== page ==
Review: For the Bible Tells Me So

For the Bible Tells Me So, a recent documentary by Daniel Karslake is an interesting beast. Through at least the last twenty minutes, my eyes were wet and my nose was running. And though that’s surely a sign of something that’s emotionally resonant, I’m not without reservation in recommending it.

After the obligatory footage of traditional views of homosexuality, the film introduces a number of people. People who are easily understood as the ones we’ll soon find out are gay. There’s Gene Robinson, the man who has become the Anglican church’s first openly gay bishop. There’s Jake Reitan, who was raised in a Lutheran home. And Chrissy Gephardt–the daughter of Dick Gephardt, who was raised Catholic as per her mother’s parents wishes. And there’s Tonia Poteat whose parents are both ministers–if their faith was made clear I’ve forgotten it.

All of this goes through the typical patterns of denial, grief, acceptance, and love. And as I said earlier that did make me quite emotional even if it was a bit schmaltzy. And I enjoyed the lesson in liberal Bible scholarship that the film’s bank of scholars and theologians offer in a gentle and friendly way.

But at some points the film overextends this gentle friendly discussion of liberal Christianity and love and gets so preachy as to be off-putting. The first example is a clip–among the literally hundreds of clips from everywhere used in the film–from The West Wing. Despite being a fan of that show, Aaron Sorkin’s smug dialogue is hardly gentle. A fictional President Bartlett berating what has to be seen as a fictional Dr. Laura about the other wacky things the Bible says aside from Leviticus 18:22–the clip’s on YouTube–is not exactly a natural fit with the detached gentleness that gave me such high hopes for the film.

This sin would be completely forgiven, did the film not then do the same thing again. Dropped in the middle of the otherwise live-action film is friendly cartoon in the style reminiscent of of The Fairly OddParents and narrated by that deep, in-every-cartoon voice of Don LaFontaine. It’s purpose: to answer the question “Is homosexuality a choice?” (The clunker of a clip is also on YouTube.) Though the point may need to be made in the film–a proposition I would tend to doubt–the way it’s made disrupts the whole flow of the film.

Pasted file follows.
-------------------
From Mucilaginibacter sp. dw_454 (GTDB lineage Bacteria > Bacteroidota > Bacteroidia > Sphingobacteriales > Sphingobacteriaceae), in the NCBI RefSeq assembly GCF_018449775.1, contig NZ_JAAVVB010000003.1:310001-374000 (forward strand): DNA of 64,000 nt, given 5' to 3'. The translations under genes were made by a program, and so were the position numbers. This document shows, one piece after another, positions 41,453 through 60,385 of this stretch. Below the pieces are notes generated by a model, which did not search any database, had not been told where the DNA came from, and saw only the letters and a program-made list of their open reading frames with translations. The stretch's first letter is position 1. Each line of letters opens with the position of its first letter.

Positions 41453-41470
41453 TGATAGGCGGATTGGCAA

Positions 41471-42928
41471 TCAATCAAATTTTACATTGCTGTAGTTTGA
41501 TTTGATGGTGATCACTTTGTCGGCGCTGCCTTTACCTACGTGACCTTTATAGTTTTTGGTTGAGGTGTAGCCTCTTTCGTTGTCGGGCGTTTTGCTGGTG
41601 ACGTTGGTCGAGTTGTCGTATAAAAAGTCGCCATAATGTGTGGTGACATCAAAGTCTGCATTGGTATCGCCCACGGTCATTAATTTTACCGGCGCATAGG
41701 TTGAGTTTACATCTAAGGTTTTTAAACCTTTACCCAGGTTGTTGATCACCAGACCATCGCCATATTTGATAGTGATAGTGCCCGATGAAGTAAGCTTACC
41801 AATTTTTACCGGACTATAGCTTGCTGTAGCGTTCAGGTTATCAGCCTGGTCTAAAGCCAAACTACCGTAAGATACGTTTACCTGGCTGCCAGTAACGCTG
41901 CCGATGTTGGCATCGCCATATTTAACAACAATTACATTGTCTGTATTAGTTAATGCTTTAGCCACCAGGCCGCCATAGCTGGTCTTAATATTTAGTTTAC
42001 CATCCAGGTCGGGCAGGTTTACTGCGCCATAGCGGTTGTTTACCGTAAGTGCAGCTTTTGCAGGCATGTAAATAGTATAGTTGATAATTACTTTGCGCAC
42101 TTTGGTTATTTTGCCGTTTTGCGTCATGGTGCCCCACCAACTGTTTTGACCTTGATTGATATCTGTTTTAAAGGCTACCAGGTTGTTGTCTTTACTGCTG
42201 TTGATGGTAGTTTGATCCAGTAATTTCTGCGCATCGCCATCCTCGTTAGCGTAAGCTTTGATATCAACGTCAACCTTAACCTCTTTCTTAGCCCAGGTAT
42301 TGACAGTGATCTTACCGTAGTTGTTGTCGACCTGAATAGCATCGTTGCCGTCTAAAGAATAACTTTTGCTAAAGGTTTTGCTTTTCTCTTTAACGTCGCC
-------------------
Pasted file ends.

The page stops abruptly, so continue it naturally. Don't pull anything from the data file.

Nor does it help that the narrator gives a stern talking-to to an ignorant straight boy named “Christian,” who is flanked by two hip-looking and knowledgeable gay people. The whole thing, aside from feeling deeply out of place, can be easily interpreted as condescending.

And that sin reduces to the film to the one thing it didn’t need to do: comfort those already on the “right” side of the issue. To say that those ignorant people–who don’t know that Sodom and Gomorrah, as the film ably points out, probably had nothing to do with homosexuality–are really uneducated and need to be smartened up and rehabilitated.

One of the films many intelligent talking heads made the point perhaps as well as I can. The Right Reverend Richard Holloway warns that we should be careful about being “prejudiced against the prejudiced.” And if the film–and these segments in particular–are guilty of one sin it’s that they have the distinct feeling of being just that.

There’s certainly value a film that encourages those on the right side of any fight to keep fighting. My hope for For the Bible Tells Me So–and it’s stated goal–was that it could do more than that, that it might sway people who condemn homosexuality to if not change, at least think critically about their views. Having watched the film, I think it could do that, but has handicapped itself unnecessarily. Surely those who agree with the film’s message of love and liberal Christianity will be moved, but I fear that those who disagree may bristle at a few of the film’s rather ham-handed and strident bits. Certainly For the Bible Tells Me So is a good and perhaps necessary film, but I fear it’s not a great one.